Thursday, January 28, 2016

Navy commander pleads guilty in 'Fat Leonard' bribery case

SAN DIEGO — A Navy commander accused of diverting ships to Asian ports for a Malaysian contractor offering prostitution services and other gifts pleaded guilty to bribery charges Thursday, marking the eighth conviction in the massive scandal.

Michael Misiewicz is one of the highest ranking Naval officers charged in the case, which is centered on businessman Leonard Francis, nicknamed "Fat Leonard" because of his wide girth. Misiewicz pleaded guilty to one count each of conspiracy to commit bribery and bribery of a public official at a hearing in federal court in San Diego.

He faces up to 20 years in prison if sentenced to the maximum amount for both charges.
His defense lawyers said in a statement that Misiewicz regrets his actions from 2011 to 2012. They went on to say that they plan to show at his sentencing hearing this was an "extreme departure from his otherwise distinguished and honorable 30 plus year career."

Only one defendant of the nine named in the case is still fighting the charges. Prosecutors say the investigation is ongoing and there could be more arrests.
Francis has admitted to providing an exhaustive list of gifts in exchange for classified information that helped his Singapore-based company, Glenn Defense Marine Asia Ltd., or GDMA, overbill the Navy by at least $20 million. He is awaiting sentencing.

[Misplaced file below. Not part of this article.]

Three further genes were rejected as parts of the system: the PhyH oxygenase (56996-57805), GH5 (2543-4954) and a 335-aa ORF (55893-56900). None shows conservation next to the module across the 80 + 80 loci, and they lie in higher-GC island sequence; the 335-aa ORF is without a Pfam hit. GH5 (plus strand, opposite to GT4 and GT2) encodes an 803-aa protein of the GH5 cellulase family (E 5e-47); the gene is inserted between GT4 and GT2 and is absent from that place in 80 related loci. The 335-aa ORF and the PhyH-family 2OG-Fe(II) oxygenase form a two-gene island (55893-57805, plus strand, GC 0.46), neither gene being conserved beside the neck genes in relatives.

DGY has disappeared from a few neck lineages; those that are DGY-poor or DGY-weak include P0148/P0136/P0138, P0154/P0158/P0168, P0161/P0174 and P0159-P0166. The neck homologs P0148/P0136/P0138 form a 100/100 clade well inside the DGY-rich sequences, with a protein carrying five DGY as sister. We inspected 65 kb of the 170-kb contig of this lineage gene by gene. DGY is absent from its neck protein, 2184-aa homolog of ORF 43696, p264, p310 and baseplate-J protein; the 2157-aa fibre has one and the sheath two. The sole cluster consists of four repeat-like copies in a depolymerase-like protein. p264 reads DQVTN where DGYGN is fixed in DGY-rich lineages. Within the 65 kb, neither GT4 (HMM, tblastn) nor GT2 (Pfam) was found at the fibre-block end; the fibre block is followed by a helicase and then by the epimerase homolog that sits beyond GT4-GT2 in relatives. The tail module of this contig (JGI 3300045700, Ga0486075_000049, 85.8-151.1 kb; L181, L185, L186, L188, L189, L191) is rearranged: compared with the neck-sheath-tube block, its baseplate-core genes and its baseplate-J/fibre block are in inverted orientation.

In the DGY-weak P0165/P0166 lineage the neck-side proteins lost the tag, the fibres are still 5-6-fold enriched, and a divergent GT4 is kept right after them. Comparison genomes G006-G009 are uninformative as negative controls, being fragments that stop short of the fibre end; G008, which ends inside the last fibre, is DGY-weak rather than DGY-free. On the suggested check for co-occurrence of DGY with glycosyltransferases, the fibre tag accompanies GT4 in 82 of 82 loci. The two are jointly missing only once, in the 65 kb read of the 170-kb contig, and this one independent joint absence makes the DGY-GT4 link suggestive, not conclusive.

Misiewicz accepted theater tickets, prostitution services and other items, according to the criminal complaint. He provided ship routes to Francis and then they moved ships like chess pieces, diverting them to Pacific ports with lax oversight where GDMA submitted fake tariffs and other fees, prosecutors said.

In 2010, Misiewicz caught the world's attention when he made an emotional return as a U.S. Navalcommander to his native Cambodia, where he had been rescued as a child from the violence of the Khmer Rouge and adopted by an American woman. His homecoming was widely covered by international media.

A sentencing hearing was set for April 29.

Lt. Commander Todd Malaki, who has pleaded guilty in the same case, and is scheduled to be sentenced Friday. He faces a maximum of five years in prison.


Glad to see the Navy is finally prosecuting these criminals!! 

Like the saying goes, “The apple doesn't fall too far from the tree.”

When I was a budget officer in the Navy, I witnessed so much corruption that I had to write a “Tell-All” book about it.  Letting tax payers know what really goes on behind the military’s iron curtain. Yet I’m perplexed at how the public refuses to hold Congress accountable for their tax dollars.   But after watching a recent video of an IRS whistleblower, my final sentiments are, “We’ve all been hoodwinked!!”

IRS Whistleblower:

Yet I see this particular case as a classic COVER-up… “Junior officers” taking the wrap to cover someone else’s ass!!   These good ole boys always protect themselves!!